The Basics: Overview
If your child is between ages 12 and 18, ask the doctor about screening (testing) for depression – even if you don't see signs of a problem.
Why do I need to get my teen screened for depression?
Depression can be serious, and many teens with depression don’t get the help they need.
The good news is that depression can be treated with counseling, medicine, or a combination of both. When you ask your child's doctor about screening for depression, find out what services are available in case your teen needs follow-up care.
The Basics: What Is Depression?
What is depression?
It can affect your thoughts, mood, and daily activities – and make you feel sad or down. But depression is more than feeling sad for a few days.
Teen depression can be a serious mental illness. If your child is depressed, she may:
- Feel sad or irritable (easily upset) most of the time
- Lose interest in activities she used to enjoy
- Have aches and pains for no clear reason
- Have trouble concentrating, remembering things, or making decisions
- Sleep too much or be unable to sleep
- Eat too much or have trouble eating
- Use drugs or alcohol
- Think about death or suicide
It’s normal for teens to have mood swings, and it can be hard to tell if your child is just feeling down or if she’s depressed. That’s why it’s so important for all teens to be screened for depression.
Learn more about depression in teens:
The Basics: Causes
What causes depression?
Depression can happen to anyone. It’s not your fault or your teen’s fault. Some experiences may make it more likely that a teen will develop depression, like:
- Dealing with a big loss, like a death or divorce in the family
- Living with someone who's depressed
- Having another mental health problem, like anxiety or an eating disorder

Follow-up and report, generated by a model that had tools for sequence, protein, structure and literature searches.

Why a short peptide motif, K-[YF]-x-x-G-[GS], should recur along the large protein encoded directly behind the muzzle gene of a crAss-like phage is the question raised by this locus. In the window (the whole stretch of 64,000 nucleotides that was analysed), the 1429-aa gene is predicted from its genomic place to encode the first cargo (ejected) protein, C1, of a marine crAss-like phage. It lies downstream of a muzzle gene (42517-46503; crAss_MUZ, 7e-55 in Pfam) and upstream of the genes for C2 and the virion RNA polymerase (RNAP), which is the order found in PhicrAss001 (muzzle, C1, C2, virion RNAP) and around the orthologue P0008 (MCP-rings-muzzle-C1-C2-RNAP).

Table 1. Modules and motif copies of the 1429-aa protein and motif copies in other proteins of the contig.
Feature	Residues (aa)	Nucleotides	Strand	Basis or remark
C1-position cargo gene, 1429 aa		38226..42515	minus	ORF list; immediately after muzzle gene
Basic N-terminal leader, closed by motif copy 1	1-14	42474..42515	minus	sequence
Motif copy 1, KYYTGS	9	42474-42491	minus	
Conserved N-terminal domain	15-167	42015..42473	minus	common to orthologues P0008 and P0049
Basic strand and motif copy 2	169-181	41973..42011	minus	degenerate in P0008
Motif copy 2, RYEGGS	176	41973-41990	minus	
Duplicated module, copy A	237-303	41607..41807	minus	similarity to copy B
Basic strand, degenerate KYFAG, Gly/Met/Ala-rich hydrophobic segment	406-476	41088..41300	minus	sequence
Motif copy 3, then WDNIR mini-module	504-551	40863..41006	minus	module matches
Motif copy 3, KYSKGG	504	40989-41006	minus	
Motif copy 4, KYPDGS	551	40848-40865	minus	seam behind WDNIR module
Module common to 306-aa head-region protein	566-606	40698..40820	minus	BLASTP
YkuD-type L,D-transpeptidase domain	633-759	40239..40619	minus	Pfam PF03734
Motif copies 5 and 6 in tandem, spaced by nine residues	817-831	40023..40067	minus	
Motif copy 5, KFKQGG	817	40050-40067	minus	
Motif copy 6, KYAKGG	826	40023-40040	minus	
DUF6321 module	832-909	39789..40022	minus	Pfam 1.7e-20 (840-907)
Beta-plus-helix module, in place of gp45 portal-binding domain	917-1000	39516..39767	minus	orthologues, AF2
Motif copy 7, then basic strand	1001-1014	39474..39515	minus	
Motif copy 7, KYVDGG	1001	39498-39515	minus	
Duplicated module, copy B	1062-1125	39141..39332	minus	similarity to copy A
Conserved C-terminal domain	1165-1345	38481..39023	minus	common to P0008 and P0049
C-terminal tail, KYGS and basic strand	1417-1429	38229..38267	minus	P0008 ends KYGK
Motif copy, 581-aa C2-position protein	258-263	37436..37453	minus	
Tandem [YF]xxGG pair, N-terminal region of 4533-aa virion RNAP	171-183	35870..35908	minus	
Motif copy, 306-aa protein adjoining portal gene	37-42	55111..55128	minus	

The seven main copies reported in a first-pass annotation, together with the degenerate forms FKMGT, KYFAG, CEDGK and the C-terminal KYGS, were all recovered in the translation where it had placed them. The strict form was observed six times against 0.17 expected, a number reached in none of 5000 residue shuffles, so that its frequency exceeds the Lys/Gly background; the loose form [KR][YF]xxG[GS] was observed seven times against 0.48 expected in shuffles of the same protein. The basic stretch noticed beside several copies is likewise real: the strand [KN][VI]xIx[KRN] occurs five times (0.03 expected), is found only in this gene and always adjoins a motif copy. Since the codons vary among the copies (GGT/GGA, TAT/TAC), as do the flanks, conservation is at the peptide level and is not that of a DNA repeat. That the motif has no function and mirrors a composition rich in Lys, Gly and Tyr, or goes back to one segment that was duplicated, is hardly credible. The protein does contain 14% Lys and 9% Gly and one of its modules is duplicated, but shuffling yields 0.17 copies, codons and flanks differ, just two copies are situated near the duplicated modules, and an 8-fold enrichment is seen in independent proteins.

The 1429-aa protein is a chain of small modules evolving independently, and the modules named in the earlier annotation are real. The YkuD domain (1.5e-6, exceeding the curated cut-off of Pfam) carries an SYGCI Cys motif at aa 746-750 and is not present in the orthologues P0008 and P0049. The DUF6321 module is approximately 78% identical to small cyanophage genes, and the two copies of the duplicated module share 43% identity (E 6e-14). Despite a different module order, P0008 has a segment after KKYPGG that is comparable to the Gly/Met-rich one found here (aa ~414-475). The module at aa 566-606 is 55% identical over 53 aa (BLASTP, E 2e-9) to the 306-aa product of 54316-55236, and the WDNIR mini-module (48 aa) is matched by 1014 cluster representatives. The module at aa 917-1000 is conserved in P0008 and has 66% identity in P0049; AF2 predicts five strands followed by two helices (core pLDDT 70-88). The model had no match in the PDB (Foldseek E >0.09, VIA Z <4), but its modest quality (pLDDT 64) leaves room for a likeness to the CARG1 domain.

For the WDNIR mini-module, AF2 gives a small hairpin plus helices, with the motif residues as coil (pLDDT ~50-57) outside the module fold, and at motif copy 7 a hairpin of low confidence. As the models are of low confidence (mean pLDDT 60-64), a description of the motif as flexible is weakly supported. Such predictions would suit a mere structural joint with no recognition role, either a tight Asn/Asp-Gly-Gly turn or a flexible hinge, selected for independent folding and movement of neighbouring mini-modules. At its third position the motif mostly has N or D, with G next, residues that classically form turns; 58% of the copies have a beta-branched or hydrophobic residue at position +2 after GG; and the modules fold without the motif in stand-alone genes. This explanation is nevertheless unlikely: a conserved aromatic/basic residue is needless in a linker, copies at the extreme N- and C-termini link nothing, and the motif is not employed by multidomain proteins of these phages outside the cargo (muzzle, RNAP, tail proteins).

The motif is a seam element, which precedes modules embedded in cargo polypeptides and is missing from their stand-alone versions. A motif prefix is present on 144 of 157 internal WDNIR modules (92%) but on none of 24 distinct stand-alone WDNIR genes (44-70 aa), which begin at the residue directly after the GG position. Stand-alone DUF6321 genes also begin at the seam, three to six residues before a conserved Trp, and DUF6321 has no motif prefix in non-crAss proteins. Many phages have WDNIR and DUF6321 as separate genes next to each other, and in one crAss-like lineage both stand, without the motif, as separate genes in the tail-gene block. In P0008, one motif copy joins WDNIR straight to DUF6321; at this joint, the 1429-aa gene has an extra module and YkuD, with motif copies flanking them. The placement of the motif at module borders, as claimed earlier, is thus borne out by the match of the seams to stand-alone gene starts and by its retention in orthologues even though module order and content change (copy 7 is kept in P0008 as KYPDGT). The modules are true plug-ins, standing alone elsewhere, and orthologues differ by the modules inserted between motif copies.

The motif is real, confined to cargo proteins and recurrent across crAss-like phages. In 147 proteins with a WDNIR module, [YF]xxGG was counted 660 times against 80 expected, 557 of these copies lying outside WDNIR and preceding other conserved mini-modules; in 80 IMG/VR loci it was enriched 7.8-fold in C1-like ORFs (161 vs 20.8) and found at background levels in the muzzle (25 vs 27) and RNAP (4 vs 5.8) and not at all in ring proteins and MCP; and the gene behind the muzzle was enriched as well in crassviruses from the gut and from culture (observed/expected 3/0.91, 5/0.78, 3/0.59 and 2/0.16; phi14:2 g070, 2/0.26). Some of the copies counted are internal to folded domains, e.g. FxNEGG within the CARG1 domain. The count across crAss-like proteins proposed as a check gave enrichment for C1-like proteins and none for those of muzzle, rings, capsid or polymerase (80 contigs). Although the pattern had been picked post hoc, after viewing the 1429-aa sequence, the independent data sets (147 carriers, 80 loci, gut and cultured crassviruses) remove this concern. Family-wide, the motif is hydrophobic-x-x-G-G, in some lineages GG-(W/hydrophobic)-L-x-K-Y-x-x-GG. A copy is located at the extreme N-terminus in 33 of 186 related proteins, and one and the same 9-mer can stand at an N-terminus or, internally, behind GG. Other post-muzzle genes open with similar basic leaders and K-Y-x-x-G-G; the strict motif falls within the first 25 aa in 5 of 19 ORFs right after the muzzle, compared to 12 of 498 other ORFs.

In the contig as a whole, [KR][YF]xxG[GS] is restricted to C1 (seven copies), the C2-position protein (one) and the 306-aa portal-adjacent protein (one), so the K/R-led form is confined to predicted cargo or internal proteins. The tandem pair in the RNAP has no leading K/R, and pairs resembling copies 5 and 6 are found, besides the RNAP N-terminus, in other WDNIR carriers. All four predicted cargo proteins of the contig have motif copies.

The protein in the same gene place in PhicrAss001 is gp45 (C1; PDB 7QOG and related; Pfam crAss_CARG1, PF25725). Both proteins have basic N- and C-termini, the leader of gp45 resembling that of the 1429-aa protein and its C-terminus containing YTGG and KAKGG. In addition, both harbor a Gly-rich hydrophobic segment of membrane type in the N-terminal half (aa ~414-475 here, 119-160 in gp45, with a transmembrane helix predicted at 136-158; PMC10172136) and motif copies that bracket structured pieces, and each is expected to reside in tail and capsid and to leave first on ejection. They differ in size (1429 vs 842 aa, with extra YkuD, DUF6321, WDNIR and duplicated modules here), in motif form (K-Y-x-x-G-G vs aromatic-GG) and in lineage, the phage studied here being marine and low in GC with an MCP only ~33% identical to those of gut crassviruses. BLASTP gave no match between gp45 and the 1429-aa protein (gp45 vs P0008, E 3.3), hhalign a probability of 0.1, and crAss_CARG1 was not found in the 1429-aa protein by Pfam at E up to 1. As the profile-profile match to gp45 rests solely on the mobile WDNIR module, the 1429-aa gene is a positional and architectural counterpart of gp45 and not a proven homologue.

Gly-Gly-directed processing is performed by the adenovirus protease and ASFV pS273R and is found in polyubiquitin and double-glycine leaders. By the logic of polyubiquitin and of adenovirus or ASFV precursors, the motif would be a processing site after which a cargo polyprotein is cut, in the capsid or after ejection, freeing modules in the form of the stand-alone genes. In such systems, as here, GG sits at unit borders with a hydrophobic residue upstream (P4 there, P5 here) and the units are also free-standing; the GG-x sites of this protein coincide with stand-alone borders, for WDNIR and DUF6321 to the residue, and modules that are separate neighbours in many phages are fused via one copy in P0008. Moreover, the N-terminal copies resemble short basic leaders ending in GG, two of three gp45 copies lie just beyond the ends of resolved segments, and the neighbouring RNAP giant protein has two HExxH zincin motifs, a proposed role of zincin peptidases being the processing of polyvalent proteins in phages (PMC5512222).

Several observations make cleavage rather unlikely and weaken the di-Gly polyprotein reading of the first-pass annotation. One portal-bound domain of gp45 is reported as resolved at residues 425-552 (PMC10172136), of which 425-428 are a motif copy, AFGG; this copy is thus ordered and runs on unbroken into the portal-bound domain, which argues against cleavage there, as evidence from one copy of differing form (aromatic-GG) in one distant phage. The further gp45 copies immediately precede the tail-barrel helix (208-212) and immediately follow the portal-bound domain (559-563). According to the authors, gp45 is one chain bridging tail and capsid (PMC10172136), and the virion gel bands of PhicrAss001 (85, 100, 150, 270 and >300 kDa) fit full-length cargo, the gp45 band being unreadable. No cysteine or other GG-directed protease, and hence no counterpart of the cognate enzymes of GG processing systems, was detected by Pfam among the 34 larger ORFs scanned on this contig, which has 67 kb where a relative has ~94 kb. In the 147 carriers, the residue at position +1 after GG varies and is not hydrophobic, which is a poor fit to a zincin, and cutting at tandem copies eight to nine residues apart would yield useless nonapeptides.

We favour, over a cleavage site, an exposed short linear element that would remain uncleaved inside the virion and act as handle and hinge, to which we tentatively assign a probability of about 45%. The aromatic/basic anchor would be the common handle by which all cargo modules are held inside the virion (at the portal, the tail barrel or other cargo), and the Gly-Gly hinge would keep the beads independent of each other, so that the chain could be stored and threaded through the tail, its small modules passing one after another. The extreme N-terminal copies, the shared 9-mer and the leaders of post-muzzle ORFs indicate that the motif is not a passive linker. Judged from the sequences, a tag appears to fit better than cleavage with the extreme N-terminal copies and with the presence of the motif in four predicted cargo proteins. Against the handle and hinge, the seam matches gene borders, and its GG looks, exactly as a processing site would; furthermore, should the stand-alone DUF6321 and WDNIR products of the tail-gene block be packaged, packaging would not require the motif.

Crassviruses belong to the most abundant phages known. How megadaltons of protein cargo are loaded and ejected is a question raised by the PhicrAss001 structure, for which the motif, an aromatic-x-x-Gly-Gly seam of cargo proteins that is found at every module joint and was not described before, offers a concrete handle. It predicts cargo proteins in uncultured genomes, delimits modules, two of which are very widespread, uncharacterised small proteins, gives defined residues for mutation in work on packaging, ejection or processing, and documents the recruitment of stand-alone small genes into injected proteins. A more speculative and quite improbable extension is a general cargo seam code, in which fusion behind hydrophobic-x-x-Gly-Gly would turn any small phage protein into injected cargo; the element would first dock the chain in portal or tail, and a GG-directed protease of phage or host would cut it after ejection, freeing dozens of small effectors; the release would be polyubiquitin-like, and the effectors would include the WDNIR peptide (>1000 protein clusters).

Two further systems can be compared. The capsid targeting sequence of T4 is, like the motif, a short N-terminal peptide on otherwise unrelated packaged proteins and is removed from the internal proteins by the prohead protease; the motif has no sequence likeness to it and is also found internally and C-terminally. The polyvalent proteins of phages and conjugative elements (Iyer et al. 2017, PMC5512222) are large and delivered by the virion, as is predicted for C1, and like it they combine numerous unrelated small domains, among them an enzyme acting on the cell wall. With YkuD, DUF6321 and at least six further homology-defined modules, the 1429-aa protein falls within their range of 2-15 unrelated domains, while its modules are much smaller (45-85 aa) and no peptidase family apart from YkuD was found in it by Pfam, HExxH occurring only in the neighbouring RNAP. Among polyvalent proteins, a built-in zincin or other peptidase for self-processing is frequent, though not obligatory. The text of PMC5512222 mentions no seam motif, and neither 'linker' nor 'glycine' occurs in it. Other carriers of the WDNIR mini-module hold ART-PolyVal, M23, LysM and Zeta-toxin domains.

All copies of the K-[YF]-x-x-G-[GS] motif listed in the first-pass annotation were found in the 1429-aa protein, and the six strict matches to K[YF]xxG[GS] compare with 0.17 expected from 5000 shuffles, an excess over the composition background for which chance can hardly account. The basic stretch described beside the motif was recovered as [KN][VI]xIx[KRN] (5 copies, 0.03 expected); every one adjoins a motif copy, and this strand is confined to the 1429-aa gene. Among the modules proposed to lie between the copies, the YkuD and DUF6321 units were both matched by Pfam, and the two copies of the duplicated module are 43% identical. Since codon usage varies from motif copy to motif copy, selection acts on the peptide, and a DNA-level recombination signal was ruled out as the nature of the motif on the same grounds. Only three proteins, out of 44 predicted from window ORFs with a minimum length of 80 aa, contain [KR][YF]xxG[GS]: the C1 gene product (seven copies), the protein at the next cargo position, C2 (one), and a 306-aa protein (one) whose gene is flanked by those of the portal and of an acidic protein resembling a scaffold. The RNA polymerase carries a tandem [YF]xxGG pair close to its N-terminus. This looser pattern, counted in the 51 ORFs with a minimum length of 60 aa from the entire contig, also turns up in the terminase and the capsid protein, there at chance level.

- Feeling stressed at school or at home
- Having a family history of depression
Teen girls are more likely to get depressed than teen boys.
The Basics: What to Expect
What happens during a depression screening?
The doctor will ask your teen questions about his feelings and behaviors. This may include asking how often your teen:
- Feels hopeless or sad
- Has low energy or feels tired during the day
- Has trouble paying attention at school
- Eats too much or has trouble eating
Screening for depression usually takes about 5 minutes. It can be done as part of your teen’s yearly checkup.
The Basics: Treatment
What if the doctor finds signs of depression?
If your child is showing signs of depression, the doctor will:
- Refer your teen to a therapist or doctor with special training in helping young people with emotional or behavioral problems
- Talk about medicines or other treatments – like talk therapy – that could help your teen manage his depression
- Order tests to check for other health problems
Make sure to include your teen when you make any decisions about treatment.
Take Action: See a Doctor
Take steps to protect your teen’s mental health.
Talk to your teen’s doctor about depression screening.
Ask the doctor to screen your child for depression. If you're worried about your teen, be sure to let the doctor know. Find out what services are available in case your teen needs treatment.